Religion in Britain: A persistent paradox (Second Edition)
Wiley Blackwell £21.99
Church Times Bookshop £19.80 (Use code CT611)
AFTER 21 years, Professor Grace Davie has returned to the book that made her famous, and has given it a very thorough re-write.
In the introduction, she recognises that it was her original subtitle that attracted most (sometimes unwanted) attention: Religion in Britain since 1945: Believing without belonging. Religious broadcasters, for example, latched on to it, since it suggested that there was still a sizeable audience of believers for their programmes beyond the minority that went to church. Yet she acknowledges that “believing without belonging” always was susceptible to widely different interpretations, and now gives this concept much less space.
As in all of her most recent writings, she recognises more frankly than she did in the past that institutional church decline has been a dominant feature of most of Europe, Australasia, and Canada, as well as a radical decline in Christian belief, especially among the young, who are now largely unchurched.
Instead of “believing without belonging”, two other concepts now dominate her analysis of religion in Britain: “vicarious religion” and the shift “from obligation to choice” in religious belonging. She has used these two concepts for a while in her other writings and lectures, and they, too, have attracted wider attention (she is skilled at devising memorable phrases).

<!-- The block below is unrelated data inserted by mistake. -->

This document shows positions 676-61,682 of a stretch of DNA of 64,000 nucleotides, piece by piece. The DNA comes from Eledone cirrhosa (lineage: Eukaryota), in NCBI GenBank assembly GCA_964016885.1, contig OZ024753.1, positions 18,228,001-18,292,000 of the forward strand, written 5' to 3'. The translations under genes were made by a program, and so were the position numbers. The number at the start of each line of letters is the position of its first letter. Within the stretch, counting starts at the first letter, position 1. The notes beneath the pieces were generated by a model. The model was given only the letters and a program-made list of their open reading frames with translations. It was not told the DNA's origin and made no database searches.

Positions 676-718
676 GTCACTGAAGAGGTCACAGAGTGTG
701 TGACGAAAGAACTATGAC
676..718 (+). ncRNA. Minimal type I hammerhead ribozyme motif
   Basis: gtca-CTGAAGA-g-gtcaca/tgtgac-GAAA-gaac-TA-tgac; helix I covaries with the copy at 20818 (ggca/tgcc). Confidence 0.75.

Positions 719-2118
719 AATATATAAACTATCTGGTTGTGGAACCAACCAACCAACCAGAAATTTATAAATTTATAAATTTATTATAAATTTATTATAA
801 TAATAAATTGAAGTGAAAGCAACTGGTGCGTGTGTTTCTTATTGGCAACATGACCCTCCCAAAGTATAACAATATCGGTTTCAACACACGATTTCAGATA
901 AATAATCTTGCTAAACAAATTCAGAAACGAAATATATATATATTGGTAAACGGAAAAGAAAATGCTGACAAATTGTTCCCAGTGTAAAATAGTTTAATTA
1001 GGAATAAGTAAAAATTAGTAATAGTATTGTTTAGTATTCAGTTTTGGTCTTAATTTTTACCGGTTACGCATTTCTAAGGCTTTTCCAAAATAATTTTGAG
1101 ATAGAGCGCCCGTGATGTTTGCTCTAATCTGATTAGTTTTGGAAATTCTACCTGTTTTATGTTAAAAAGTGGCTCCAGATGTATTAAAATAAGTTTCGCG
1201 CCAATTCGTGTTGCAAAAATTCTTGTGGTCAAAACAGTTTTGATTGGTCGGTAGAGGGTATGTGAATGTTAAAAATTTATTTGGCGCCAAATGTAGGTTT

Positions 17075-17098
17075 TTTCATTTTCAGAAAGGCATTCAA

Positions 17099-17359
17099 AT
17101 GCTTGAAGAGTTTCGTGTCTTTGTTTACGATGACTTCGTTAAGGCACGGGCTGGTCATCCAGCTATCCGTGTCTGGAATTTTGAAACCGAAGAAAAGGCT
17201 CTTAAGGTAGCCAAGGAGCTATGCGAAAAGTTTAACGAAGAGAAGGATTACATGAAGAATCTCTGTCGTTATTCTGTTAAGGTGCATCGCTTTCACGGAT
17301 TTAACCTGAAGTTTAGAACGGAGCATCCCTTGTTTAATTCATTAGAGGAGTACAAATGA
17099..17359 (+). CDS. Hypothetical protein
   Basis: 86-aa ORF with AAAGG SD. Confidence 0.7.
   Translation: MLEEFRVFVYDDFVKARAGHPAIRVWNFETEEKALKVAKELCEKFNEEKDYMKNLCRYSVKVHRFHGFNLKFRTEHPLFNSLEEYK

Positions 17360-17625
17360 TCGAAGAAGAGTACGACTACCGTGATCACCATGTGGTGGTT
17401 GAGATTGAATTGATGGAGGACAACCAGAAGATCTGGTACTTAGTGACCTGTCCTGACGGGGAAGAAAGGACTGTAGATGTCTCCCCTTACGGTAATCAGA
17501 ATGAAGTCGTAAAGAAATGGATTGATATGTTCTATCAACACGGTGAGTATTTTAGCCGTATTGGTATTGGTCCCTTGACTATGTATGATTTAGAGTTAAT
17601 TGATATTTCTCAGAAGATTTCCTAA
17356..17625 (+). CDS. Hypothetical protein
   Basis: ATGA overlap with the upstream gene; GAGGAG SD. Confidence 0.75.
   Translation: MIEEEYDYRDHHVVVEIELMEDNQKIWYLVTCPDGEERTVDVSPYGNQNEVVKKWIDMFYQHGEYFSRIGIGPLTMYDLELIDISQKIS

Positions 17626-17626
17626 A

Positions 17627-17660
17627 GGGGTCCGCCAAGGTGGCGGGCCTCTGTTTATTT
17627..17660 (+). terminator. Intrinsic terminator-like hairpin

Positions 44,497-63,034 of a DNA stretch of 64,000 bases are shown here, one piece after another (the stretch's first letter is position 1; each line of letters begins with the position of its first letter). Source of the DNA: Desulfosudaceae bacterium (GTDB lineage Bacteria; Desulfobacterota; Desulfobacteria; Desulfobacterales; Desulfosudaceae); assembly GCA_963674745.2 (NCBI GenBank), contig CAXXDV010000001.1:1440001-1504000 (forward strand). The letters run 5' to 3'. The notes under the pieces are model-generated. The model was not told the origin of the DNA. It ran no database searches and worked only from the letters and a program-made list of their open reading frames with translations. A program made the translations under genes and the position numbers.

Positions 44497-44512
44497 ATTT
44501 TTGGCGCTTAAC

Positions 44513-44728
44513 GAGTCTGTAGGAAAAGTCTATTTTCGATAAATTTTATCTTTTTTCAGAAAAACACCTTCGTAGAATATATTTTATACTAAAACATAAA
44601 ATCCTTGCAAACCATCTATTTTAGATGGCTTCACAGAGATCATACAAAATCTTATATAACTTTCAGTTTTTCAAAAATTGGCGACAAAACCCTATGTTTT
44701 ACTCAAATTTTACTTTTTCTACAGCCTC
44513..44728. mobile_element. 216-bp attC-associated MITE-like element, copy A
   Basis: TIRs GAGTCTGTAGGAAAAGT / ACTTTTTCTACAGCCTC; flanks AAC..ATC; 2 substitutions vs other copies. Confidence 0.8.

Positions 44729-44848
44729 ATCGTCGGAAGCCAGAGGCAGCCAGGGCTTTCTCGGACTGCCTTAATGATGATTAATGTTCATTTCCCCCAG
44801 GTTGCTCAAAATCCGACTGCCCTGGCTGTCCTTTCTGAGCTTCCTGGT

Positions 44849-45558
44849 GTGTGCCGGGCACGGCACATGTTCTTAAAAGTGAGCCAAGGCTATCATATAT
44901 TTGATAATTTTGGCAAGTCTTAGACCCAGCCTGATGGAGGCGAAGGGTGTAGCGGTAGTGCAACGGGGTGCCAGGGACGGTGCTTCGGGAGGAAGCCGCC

She explains that “by vicarious is meant the notion of religion performed by an active minority but on behalf of a much larger number, who (implicitly at least) not only understand, but appear to approve of what the minority is doing”.
There is much to commend this concept. It largely accords with the self-perception of national or established Churches such as the Church of England, the Church of Scotland, or indeed the Lutheran Church in Sweden. Christmas carol services, church weddings, and royal funerals all offer obvious examples of occasional but mostly vicarious religion.
The concept of “from obligation to choice” also makes much sense, especially in the context of religiously pluralistic Britain. Here she explains that “religiously active individuals now go to a church . . . because they choose to, sometimes for a short period or sometimes for longer, sometimes regularly and sometimes occasionally, but they feel little obligation either to attend that church in the first place or to continue if they no longer want to”.
This she depicts as a shift from a culture of obligation or duty to a culture of consumption or choice. Personal autonomy now rules even within our congregations. Parish priests will know that it is only a minority in their congregations who feel duty-bound to be there every week (let alone attend midweek as well).
Davie writes (and speaks) so clearly and with manifest knowledge and common sense. It is not surprising that she is popular at diocesan conferences. Buyers of this new edition will not be disappointed.
Of course, she has critics, and would not be worth reading if she did not. Some argue, for example, that her concept of vicarious religion is either too patronising, or that it underestimates a growing distrust of institutional religion (for its misogyny, homophobia, or hypocrisy). Other critics suggest that she overplays the notion of churchgoing as “consumption” (based on so-called rational-choice theory).
There are also other concepts that she might also have deployed more fully to depict religion in Britain today. Durkheim’s notion of “collective effervescence” captures much Charismatic worship, and Weber’s notion of the transposition of religious values into secular culture accords with my own experience of public bioethics.
None the less, many will still conclude that overall this is a well-researched and judicious sociological assessment of religion in modern Britain, and one that outstrips most of its rivals. I recommend it strongly.
Professor Robin Gill is editor of Theology and Canon Theologian of the Cathedral Chapter of the diocese in Europe.